A video shared by the Delta Police Department shows a car on Highway 17 weaving in and out of traffic at a high rate of speed, narrowly missing a police officer stopped on the side of the road. (Delta Police Department photo)

VIDEO: B.C. police officer nearly struck by speeding car

Footage shows a car in Delta weaving in and out of highway traffic and passing in a right turn lane

Delta police have released a video showing a speeding vehicle narrowly missing an officer conducting a traffic stop.

The video, shot on Monday, Sept. 30, shows a car weaving in and out of traffic at a high rate of speed. The vehicle moves into a right turn lane to bypass traffic, nearly clipping a Delta police officer and the vehicle he had pulled over.

Another driver, concerned by what he had witnessed, happened to catch the incident on his dash cam and turned the video over to the Delta Police Department.

According a press release accompanying the footage, the officer never got a look at the driver but felt the wind at his back as the driver narrowly avoided colliding with both his vehicle and him. The officer’s unmarked car had its red and blue flashing lights activated during the stop, though the low quality of the video deosn’t capture the lights well.

“Our officers were able to isolate the licence plate of the car in question from the video, and the officer who was nearly struck decided to pay a visit in person with the registered owner of the vehicle,” Acting-Inspector Ryan Hall, who oversees DPD’s traffic unit, said in press release.

The registered owner, who lives in Delta, received a $368 ticket for driving without due care and attention, however because the driver is unidentified, the ticket does not comes with its typical six points.

“This type of driving behaviour is so reckless,” Hall said. “This is exactly how fatal collisions happen. Less than a second of difference and we could have had a significantly different outcome. It was a beautiful sunny afternoon. It takes just one person, with selfish or unthinking driving behaviour, to cause unbelievable carnage and pain. We would also ask people to slow down and move to the opposite lane as dictated in the Motor Vehicle Act for their and the officers’ safety.”

Motorists in B.C. are required to slow down and move over for all vehicles stopped alongside the road that have flashing red, blue or yellow lights. This includes first responders, maintenance workers, tow trucks, Commercial Vehicle Safety Enforcement personnel, land surveyors, animal control workers, garbage collectors and other roadside workers.

To learn more about the Slow Down, Move Over law, head to www2.gov.bc.ca/gov/content/transportation/driving-and-cycling/road-safety-rules-and-consequences/slow-down-move-over.



editor@northdeltareporter.com

Like us on Facebook and follow us on Twitter

Just Posted

D.W. Poppy students rally against middle school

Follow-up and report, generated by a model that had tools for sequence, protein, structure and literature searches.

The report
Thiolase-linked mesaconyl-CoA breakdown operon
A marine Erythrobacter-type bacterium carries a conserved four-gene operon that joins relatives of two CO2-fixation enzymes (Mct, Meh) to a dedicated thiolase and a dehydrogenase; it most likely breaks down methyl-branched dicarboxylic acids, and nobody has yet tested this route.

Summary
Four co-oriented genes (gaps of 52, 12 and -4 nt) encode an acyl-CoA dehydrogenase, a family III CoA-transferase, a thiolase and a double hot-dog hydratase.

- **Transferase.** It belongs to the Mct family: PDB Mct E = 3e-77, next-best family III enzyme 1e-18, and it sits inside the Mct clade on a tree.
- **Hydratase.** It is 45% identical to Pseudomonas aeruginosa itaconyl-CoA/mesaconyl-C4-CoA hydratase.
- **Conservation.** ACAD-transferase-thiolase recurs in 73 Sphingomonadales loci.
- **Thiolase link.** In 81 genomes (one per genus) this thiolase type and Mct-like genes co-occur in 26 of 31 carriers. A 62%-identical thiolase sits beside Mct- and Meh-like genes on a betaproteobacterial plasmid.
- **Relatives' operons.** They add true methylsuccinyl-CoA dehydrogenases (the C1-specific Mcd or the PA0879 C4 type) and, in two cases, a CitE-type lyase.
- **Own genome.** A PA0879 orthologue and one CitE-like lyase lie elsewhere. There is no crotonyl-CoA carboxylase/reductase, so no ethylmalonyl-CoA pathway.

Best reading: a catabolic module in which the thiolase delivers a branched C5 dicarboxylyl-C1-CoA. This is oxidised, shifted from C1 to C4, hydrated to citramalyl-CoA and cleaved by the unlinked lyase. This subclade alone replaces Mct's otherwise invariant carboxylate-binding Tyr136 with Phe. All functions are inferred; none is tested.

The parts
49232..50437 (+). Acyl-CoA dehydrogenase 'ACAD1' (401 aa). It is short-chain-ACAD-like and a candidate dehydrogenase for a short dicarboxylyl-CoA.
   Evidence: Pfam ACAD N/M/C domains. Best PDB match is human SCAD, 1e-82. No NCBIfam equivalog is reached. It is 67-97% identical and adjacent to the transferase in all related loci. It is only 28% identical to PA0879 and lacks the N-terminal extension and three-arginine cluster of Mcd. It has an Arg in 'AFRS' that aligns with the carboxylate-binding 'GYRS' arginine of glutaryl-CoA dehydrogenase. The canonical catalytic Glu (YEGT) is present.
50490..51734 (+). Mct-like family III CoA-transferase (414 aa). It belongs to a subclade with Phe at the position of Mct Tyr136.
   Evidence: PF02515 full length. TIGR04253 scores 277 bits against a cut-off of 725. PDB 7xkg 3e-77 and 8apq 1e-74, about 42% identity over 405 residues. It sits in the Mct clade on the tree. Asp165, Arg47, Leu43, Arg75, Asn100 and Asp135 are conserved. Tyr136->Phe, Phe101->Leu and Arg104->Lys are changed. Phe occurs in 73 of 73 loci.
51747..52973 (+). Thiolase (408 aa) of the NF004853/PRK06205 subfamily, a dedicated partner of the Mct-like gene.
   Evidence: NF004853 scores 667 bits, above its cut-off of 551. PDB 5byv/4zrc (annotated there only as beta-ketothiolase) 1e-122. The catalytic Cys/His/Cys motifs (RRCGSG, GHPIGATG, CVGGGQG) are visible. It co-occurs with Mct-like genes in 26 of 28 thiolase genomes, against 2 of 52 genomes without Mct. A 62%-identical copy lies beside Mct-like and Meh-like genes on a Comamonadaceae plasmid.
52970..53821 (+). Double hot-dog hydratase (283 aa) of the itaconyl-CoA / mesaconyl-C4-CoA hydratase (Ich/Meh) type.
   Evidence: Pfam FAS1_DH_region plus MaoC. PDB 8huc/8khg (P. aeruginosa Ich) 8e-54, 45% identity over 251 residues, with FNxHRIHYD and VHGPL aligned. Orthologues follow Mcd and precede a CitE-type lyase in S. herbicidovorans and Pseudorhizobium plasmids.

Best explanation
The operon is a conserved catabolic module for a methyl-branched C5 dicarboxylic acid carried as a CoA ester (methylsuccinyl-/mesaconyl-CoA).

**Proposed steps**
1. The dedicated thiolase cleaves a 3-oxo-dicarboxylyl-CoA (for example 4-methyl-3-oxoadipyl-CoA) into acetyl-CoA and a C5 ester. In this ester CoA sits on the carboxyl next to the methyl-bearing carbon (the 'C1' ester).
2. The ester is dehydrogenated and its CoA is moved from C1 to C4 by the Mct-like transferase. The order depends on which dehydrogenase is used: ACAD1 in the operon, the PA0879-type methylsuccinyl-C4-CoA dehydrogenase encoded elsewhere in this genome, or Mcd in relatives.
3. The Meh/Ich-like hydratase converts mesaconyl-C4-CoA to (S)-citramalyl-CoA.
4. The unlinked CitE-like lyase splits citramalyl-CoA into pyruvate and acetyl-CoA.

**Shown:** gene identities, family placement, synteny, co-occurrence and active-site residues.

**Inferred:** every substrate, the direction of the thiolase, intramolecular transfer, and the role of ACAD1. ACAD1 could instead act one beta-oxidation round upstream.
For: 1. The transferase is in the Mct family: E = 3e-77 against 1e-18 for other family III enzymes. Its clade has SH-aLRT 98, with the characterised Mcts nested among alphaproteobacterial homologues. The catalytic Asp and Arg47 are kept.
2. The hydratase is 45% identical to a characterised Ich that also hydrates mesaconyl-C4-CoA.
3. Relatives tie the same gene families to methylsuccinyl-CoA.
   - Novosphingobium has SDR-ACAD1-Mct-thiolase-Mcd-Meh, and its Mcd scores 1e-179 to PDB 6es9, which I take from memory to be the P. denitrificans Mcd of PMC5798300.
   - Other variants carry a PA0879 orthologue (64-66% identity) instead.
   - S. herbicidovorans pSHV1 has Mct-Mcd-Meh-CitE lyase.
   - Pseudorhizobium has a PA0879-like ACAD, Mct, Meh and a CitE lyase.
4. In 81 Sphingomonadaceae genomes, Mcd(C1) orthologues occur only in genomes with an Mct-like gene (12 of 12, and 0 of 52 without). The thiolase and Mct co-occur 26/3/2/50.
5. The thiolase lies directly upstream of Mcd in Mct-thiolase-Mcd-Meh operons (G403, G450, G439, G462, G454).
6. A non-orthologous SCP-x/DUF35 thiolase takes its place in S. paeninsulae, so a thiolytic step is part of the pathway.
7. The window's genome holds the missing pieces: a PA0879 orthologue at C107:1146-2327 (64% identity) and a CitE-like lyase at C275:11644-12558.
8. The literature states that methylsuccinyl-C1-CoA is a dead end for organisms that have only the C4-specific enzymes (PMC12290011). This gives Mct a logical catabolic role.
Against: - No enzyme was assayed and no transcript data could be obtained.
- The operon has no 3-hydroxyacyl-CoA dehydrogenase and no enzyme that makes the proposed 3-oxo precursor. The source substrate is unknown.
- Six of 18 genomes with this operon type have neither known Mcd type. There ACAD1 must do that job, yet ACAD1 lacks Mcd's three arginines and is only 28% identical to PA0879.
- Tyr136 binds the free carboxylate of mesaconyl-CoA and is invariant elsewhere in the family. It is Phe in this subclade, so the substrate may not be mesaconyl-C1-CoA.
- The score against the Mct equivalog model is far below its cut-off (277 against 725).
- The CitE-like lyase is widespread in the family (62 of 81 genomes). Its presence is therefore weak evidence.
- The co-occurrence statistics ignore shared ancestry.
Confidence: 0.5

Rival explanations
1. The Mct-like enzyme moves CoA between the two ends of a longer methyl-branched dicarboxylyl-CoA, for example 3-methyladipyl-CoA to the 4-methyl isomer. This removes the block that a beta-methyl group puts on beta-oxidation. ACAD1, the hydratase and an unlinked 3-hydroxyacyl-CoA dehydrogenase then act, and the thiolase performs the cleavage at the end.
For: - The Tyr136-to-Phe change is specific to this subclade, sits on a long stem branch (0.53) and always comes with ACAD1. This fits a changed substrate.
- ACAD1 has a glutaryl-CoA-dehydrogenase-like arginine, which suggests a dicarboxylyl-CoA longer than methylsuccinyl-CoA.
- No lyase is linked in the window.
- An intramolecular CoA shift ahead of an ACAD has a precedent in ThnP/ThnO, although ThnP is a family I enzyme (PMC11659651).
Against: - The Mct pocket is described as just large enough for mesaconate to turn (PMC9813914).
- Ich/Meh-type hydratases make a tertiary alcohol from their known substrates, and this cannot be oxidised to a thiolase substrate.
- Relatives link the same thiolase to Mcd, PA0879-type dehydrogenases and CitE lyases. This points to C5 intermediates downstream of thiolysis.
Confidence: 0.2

Inspired by one student, large crowds wore red during school district’s third consultation

Liberal MP slams Conservative opponent over assisted dying views in Cloverdale-Langley City

John Aldag said Tamara Jansen had trivialized the Holocaust with her remarks

Seniors a topic of Aldergrove’s election debate

Veterans, drug costs iscussed at latest all-candidates forum

$100,000 reward for B.C. gangster extended to United States

Police belive fugitive Conor D’Monte may be in the Los Angeles area

LETTER: Langley letter writers asks when can society stop saying sorry

A local man questions why City council feels the need to follow higher levels of government

VIDEO: Families flock to fire prevention event in Langley City

City firefighters focus on educating the public at their annual open house

Potent power play paces Canucks to 5-1 win over Detroit

Miller nets a pair as Vancouver wins third straight

After losing two baby boys, B.C. parents hope to cut through the taboo of infant death

Oct. 15 is Pregnancy and Infant Loss Awareness Day in B.C.

Cheating husband sues mistress for gifted ring after wife learns about affair

The husband gave his mistress $1,000 to buy herself a ring in December 2017

B.C. massage therapist reprimanded, fined for exposing patients’ breasts

Registered massage therapist admits professional misconduct

B.C. boosts legal aid funding in new payment contract

‘Duty counsel’ service restored in some communities, David Eby says

Rugby Canada helps recovery efforts in Japan after typhoon cancels final match

Canadian players wanted to “give back in whatever small way they could”

Emily Carr University closed Sunday after fire causes some damage

The school is working with Vancouver police to assist their investigation into the fire

Alberta to join B.C.’s class-action lawsuit against opioid manufacturers, distributors

B.C. government claims opioids were falsely marketed as less addictive than other pain meds

Most Read